Posts filed under ‘Caregiving’

Clearing the Air About Crohn’s & UC

There’s been a lot of confusion recently inside and outside of the IBD community on the differences between Crohn’s disease, ulcerative colitis and colitis and whether or not you can have both diseases or not. Because of all the confusion, I asked Dan’s gastroenterologist, the amazing Dr. Deborah Proctor, medical director for the Yale Inflammatory Bowel Disease Program, some basic questions to get some clarification.

What are the main differences between Crohn’s disease and ulcerative colitis?

Crohn’s disease is one of the major types of inflammatory bowel disease. Crohn’s can affect any part of the gastrointestinal tract from mouth to anus.

Ulcerative colitis is another major type of inflammatory bowel disease. Within the gastrointestinal tract, ulcerative colitis affects from the rectum up to the colon (the large intestine).

 What is Crohn’s Colitis?

It is a type of Crohn’s disease that affects the colon only. Symptoms include diarrhea, rectal bleeding, and disease around the anus (abscess, fistulas, ulcers). Skin lesions and joint pains are more common in this form of Crohn’s than in others. Crohn’s Colitis does not mean you have both Crohn’s disease and ulcerative colitis.

Can you have both Crohn’s & UC?

No. You either have Crohn’s disease or ulcerative colitis, but not both.

Can your diagnosis change over time?

Yes. Some people are diagnosed with one disease and the diagnosis is changed later in life (my friends like to call this being upgraded). Ulcerative colitis can change to Crohn’s disease; however, Crohn’s disease CANNOT become ulcerative colitis.

Ulcerative colitis is a diagnosis of exclusion- there are no fistulas and it only involves the colon. Once a patient has a fistula, the diagnosis becomes Crohn’s disease.

What is colitis?

Colitis is a generic term for inflammation in the colon. It is often used to describe an inflammation of the large intestine- colon, cecum and rectum. Colitis may be acute and self-limited or chronic. It broadly fits into the category of digestive diseases.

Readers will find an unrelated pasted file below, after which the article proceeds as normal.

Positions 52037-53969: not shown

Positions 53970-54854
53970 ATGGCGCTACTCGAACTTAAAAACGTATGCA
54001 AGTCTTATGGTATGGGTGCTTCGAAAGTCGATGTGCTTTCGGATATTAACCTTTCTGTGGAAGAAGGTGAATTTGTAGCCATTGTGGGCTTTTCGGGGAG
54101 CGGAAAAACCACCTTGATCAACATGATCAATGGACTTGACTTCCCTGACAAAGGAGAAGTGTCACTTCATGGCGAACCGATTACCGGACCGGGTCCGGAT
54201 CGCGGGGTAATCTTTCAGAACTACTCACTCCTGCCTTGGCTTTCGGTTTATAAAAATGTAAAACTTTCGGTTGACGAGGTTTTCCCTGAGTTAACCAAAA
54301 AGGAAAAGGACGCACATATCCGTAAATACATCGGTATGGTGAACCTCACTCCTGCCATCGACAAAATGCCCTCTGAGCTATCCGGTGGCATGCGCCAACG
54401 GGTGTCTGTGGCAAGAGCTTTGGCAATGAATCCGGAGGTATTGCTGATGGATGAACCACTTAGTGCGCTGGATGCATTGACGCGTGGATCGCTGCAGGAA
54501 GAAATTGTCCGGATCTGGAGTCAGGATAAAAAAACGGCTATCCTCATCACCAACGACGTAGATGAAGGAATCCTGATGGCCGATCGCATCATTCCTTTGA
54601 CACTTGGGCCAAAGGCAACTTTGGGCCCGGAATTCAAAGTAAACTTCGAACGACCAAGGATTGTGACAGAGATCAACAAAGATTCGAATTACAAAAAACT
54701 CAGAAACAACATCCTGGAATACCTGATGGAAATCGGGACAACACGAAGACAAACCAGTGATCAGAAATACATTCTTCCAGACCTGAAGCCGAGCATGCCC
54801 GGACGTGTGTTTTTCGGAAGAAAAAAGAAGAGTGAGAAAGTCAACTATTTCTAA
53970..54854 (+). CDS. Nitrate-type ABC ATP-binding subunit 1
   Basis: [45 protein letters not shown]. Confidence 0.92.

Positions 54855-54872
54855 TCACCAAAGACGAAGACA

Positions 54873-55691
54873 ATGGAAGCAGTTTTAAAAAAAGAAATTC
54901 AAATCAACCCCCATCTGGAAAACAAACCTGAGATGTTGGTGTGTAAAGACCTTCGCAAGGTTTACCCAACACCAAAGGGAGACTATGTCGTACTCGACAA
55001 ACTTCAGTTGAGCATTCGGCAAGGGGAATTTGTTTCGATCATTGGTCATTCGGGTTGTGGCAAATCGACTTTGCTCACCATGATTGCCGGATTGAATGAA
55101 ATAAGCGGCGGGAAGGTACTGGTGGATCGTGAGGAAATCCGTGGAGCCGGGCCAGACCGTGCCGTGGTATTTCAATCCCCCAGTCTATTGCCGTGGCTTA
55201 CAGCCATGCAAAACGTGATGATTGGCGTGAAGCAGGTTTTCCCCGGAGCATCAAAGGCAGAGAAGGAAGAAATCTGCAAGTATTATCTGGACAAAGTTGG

Crohn’s disease and ulcerative colitis are considered types of colitis; however colitis alone is NOT an inflammatory bowel disease.

Are there any other types of inflammatory bowel disease?

Indeterminate colitis- this is a diagnosis given when a doctor cannot tell which type of inflammatory bowel disease the patient has. There is an overlap in some symptoms and sometimes only time will tell which disease the patient has.

How should you refer to inflammatory bowel diseases then?

You can say Crohn’s disease & ulcerative colitis or, alternatively, inflammatory bowel diseases. In theory, you can say Crohn’s disease and inflammatory bowel disease, but in my mind, since Crohn’s is a form of IBD, that seems exclusionary and also redundant. To say Crohn’s disease and colitis is inaccurate. The easiest thing to do is, when talking about both diseases, to say inflammatory bowel diseases and call it a day.

August 9, 2013 at 4:15 pm 2 comments

Tell the Cincinnati Police Department that an #OstomyIsNotATragedy!

Earlier this week, a story came out on WCPO, a local news station in Cincinnati, about the Cincinnati Police Department’s newest initiative to try and deter at-risk youth from entering into a life of violence. Sounds great, right? Well it would be if they weren’t using images of people with ostomy bags as the deterrent. In fact, in the story Lieutenant Joe Richardson says,

“You’re not killed, but you’re walking around with a colostomy bag and that’s just not the way to get a girl’s attention, by limping down Warsaw Avenue with a colostomy bag.”

If that’s not offensive, I’m not sure what is.

Well, the IBD community is fighting back against this distasteful discrimination against those with Crohn’s disease, ulcerative colitis, colorectal cancer and other ailments who live everyday with ostomies and lead full, meaningful lives.

Yesterday, the Huffington Post ran a piece I wrote with Stephanie Hughes from The Stolen Colon about this new initiative and why it’s not okay to further stigmatize ostomates. Here’s a snippet from the piece:

There are more than 500,000 people in the United States living with ostomies for a variety of reasons, including Crohn’s disease, ulcerative colitis and colon cancer. These people live normal lives — they have meaningful emotional and physical relationships, hold jobs, and go swimming, rock climbing, sky diving and every other activity under the moon. Ostomies, for many, are not a punishment — they often mark the beginning of a new, pain-free life.

There is also a petition circulating urging the police department to apologize and stop discriminating against ostomates.

Lastly, we are using the hashtag #OstomyIsNotATragedy on all social media outlets to track people’s efforts to reach out to the CPD and urge them to stop this initiative.

So get involved everyone! Sign the petition and take to the social media universe and let’s all stand together telling the Cincinnati Police Department that an #OstomyIsNotATragedy!

August 2, 2013 at 9:24 am 1 comment

A Baffling Side Effect

We are confused.

In the six and a half years that Dan has been treated for Crohn’s disease, he has lucked out in that, for the most part, he has not experienced any serious side effects from medication. Asacol did nothing to him (in fact, it didn’t even help him). The only other medication he’s been on is 6-MP and that gave him terrible fatigue so severe that he could barely function.

Remicade

For the past 3 years, Dan has getting Remicade infusions every six weeks. He suffers very little side effects from it- in fact, the only thing he feels from it is sleepiness after the infusion caused by Benadryl and a slight headache. These all pass within a few hours to a day of the infusion.